Management of severe spinal deformity: Scoliosis and kyphosis

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69 Scopus citations


Study Design.: Review of the literature and author ;s experience with the treatment of severe spinal deformity. Objective: To define the anatomic and physiologic challenges in treating severe spinal deformity and to describe the preoperative, intraoperative, and postoperative strategies to achieve the optimal safe result. Summary of Background Data.: Severe pediatric spinal deformity is a relatively uncommon condition that often arises following treatment of early onset scoliosis. Patients most often present with severe clinical and radiographic deformity with poor pulmonary function. In contrast to the more common adolescent idiopathic scoliosis which is a primary spinal deformity, patients with severe spine deformity have the added chest wall deformity which may need to be addressed at the time of treatment. Previous literature has identified the challenges in the treatment of these patients and the higher risk for complications. Methods: A literature review and review of the author ;s personal experience in the treatment of these patients was performed. An assessment of the preoperative, intraoperative, and postoperative factors leading to an optimal result was analyzed and reported. RESULTS.: The early evaluation should include a multidisciplinary approach from the orthopaedic surgeon, pulmonologist, anesthesiologist, and perhaps the neurologist to provide a baseline assessment. Advanced imaging of the spine with computed tomography is useful especially when previous surgery has been performed and/or when plain radiography is limited. Magnetic resonance imaging of the spinal cord and brain stem is important to ensure that no neural axis abnormalities are present and can determine if spinal cord compression is present. Severe spinal deformity should be distinguished from the more common adolescent idiopathic scoliosis deformity in that both the spine and the chest wall are affected. Preoperative halo-gravity traction is an invaluable tool to improve the flexibility of the spine and chest, to improve pulmonary function, and to stress the spinal cord while the patient is awake and provides feedback as to the neurologic assessment. Surgical treatment should be divided into 3 phases. First, anchor placement which should be predominantly pedicle screws placed in a segmental fashion and also use of reduction screws when performing vertebral column resections. Second, steps should be performed to increase the flexibility of the spine and chest with incremental releases from simple posterior soft tissue releases to posterior facet resections, to vertebral column resections for the most severe deformity. The third phase is the correction of the spine and chest wall deformity. Many strategies can be used to correct these deformities and relies on good anchor point fixation and good releases of the spine and chest wall. Provisional rod fixation is critical when performing resection of the spine to allow for safe correction of the deformity. Improvements in the clinical and radiographic appearance, pulmonary function, and self image are often dramatic. CONCLUSION.: The treatment of severe spinal deformity is challenging and requires careful assessment of the patient by the orthopaedic surgeon, anesthesiologist, pulmonologist, and neurologist especially when neurologic deficits are present. Proper planning and execution of the correct surgical procedure for the surgeon provides an outstanding life-changing result in these patients.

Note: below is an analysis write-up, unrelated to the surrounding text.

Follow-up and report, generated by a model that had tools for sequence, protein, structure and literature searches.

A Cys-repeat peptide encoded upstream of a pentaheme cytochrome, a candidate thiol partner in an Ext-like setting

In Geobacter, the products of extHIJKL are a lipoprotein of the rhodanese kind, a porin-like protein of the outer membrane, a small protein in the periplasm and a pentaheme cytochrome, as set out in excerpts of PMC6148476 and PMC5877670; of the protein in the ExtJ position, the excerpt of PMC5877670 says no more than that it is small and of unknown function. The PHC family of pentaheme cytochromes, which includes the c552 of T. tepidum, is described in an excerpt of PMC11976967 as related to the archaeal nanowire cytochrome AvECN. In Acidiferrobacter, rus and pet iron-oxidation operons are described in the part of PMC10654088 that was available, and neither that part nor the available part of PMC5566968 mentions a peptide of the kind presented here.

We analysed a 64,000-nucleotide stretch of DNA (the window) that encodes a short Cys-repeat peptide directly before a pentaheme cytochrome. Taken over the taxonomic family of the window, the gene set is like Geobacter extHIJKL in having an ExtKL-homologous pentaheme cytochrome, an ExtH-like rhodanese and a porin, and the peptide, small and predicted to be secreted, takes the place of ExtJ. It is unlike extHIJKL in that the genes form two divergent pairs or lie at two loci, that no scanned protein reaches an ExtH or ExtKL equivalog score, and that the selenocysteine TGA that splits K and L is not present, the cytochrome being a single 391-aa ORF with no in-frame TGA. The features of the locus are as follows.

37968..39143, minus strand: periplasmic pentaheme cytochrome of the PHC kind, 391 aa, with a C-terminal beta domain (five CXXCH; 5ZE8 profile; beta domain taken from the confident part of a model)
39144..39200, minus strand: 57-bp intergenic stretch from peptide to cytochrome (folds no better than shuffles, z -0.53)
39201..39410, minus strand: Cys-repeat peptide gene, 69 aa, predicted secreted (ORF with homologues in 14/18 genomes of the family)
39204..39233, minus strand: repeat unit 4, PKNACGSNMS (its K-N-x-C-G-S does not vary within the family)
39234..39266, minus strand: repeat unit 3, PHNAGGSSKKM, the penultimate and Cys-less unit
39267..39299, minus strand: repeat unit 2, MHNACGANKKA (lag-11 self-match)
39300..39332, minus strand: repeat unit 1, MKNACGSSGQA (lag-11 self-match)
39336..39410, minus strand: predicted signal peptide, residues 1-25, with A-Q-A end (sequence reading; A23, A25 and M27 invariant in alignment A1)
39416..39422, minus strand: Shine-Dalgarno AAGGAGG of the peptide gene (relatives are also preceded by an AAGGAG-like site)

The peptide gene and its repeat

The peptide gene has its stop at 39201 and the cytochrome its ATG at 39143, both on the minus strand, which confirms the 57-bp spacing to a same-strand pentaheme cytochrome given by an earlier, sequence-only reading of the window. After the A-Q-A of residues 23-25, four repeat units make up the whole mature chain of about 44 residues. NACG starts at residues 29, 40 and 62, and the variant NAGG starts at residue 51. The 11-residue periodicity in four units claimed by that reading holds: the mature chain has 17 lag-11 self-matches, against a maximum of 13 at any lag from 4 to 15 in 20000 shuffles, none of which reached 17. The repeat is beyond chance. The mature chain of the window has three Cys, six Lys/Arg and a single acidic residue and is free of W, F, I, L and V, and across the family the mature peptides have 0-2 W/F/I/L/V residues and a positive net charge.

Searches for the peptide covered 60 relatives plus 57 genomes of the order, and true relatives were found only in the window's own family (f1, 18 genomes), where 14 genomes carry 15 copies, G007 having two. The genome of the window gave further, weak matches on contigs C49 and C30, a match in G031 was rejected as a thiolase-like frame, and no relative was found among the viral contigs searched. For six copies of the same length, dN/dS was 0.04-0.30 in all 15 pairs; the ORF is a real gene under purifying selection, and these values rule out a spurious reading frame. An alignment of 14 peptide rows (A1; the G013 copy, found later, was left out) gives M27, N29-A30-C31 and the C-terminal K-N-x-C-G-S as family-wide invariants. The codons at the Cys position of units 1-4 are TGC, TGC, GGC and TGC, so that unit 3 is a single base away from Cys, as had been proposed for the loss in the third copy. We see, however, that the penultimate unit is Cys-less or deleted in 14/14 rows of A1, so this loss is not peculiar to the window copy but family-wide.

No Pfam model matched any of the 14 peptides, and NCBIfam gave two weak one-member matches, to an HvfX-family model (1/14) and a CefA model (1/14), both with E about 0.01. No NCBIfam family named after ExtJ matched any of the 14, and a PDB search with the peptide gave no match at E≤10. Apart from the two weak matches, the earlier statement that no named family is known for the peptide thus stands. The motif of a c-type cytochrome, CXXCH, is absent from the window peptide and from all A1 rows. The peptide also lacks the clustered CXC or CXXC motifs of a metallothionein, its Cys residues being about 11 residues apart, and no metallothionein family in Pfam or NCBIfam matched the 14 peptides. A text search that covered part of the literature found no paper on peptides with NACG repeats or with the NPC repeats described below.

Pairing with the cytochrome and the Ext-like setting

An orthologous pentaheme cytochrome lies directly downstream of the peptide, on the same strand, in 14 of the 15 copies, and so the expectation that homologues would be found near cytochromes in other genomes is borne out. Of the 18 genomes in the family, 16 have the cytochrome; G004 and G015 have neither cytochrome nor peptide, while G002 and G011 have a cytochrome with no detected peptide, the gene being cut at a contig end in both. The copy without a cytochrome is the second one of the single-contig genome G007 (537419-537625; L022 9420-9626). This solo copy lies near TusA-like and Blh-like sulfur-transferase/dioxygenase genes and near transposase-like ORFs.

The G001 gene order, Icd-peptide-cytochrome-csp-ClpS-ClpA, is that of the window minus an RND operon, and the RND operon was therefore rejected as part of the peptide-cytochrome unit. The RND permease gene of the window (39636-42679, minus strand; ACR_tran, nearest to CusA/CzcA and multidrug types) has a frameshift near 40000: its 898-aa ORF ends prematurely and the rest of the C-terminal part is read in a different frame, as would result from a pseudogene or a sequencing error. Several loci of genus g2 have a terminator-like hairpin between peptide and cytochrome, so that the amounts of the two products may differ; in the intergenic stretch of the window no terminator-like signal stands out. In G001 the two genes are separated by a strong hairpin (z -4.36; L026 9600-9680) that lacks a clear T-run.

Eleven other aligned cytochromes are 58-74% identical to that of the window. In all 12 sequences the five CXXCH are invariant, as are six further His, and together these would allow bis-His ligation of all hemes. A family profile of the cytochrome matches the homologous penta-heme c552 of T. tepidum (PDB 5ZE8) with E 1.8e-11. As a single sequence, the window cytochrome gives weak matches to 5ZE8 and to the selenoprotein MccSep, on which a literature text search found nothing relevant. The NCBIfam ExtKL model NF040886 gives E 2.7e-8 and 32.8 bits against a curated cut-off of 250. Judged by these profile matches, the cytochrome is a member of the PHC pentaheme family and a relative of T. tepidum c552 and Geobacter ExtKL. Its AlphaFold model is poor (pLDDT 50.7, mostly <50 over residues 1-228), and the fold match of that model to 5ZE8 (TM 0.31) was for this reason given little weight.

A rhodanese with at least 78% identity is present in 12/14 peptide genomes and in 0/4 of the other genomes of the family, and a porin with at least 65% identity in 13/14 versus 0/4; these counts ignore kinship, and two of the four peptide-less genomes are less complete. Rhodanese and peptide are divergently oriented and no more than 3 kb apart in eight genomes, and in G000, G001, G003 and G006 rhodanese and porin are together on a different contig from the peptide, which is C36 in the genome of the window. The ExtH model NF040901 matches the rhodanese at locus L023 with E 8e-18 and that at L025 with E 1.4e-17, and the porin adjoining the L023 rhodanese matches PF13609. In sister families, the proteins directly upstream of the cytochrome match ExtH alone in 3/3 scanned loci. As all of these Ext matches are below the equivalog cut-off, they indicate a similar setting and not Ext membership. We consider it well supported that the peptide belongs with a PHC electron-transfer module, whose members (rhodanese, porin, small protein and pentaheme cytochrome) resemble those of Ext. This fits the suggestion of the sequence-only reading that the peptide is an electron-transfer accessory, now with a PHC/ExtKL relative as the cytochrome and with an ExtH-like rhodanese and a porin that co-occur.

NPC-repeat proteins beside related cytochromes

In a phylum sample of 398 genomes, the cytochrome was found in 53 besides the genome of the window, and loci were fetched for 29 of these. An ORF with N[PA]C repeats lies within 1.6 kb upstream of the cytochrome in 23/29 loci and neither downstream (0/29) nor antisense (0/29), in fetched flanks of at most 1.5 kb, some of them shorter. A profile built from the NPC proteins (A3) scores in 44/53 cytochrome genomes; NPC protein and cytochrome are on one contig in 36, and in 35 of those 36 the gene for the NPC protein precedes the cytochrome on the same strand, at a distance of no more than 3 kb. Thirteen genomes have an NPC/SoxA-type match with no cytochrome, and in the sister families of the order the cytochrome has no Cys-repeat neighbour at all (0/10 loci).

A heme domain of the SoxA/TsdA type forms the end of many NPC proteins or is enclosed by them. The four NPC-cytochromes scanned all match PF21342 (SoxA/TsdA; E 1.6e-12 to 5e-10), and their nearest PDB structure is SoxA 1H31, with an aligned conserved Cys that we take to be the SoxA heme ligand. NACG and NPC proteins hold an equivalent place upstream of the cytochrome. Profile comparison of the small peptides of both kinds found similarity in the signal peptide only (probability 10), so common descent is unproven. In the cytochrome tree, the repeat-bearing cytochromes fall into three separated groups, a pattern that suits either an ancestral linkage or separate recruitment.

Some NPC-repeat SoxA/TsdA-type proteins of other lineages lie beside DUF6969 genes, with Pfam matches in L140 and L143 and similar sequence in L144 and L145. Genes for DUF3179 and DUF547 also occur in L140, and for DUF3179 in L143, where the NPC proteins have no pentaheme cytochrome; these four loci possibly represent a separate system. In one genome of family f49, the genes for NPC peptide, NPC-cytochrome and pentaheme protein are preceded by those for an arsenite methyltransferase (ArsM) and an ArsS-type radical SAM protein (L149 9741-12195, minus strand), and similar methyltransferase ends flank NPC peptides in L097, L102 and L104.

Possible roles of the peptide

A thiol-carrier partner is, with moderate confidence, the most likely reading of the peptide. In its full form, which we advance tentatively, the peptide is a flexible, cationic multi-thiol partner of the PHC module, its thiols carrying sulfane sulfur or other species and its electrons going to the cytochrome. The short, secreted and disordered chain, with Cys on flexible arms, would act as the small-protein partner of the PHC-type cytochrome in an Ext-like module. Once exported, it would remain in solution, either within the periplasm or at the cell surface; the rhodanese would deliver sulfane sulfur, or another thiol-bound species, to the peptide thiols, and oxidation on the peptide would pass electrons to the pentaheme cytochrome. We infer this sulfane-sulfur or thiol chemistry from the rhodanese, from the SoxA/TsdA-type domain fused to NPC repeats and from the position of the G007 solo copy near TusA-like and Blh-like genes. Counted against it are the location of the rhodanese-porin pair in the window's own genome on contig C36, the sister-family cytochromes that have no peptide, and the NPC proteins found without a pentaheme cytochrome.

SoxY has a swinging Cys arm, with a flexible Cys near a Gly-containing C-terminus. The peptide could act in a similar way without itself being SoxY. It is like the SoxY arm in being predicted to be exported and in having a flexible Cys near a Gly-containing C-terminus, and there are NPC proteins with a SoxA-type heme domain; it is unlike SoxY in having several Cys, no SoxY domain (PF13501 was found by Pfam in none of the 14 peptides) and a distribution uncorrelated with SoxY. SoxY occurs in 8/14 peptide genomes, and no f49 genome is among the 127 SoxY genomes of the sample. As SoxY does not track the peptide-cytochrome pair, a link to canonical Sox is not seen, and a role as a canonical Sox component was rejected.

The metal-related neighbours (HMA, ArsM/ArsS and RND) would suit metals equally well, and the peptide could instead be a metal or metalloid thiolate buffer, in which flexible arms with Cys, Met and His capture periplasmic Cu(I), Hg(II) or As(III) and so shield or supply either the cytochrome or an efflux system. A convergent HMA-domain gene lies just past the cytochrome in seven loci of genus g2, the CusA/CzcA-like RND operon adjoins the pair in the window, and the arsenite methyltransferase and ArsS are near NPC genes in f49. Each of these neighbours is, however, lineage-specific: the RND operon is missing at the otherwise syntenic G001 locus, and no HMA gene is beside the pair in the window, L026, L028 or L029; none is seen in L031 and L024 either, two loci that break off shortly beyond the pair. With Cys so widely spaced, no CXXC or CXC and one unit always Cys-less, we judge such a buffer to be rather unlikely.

Original languageEnglish (US)
Pages (from-to)2186-2192
Number of pages7
Issue number25
StatePublished - Dec 1 2010


  • halo-gravity traction
  • prone thoracoscopic release
  • severe spine deformity
  • vertebral column resection

ASJC Scopus subject areas

  • Orthopedics and Sports Medicine
  • Clinical Neurology


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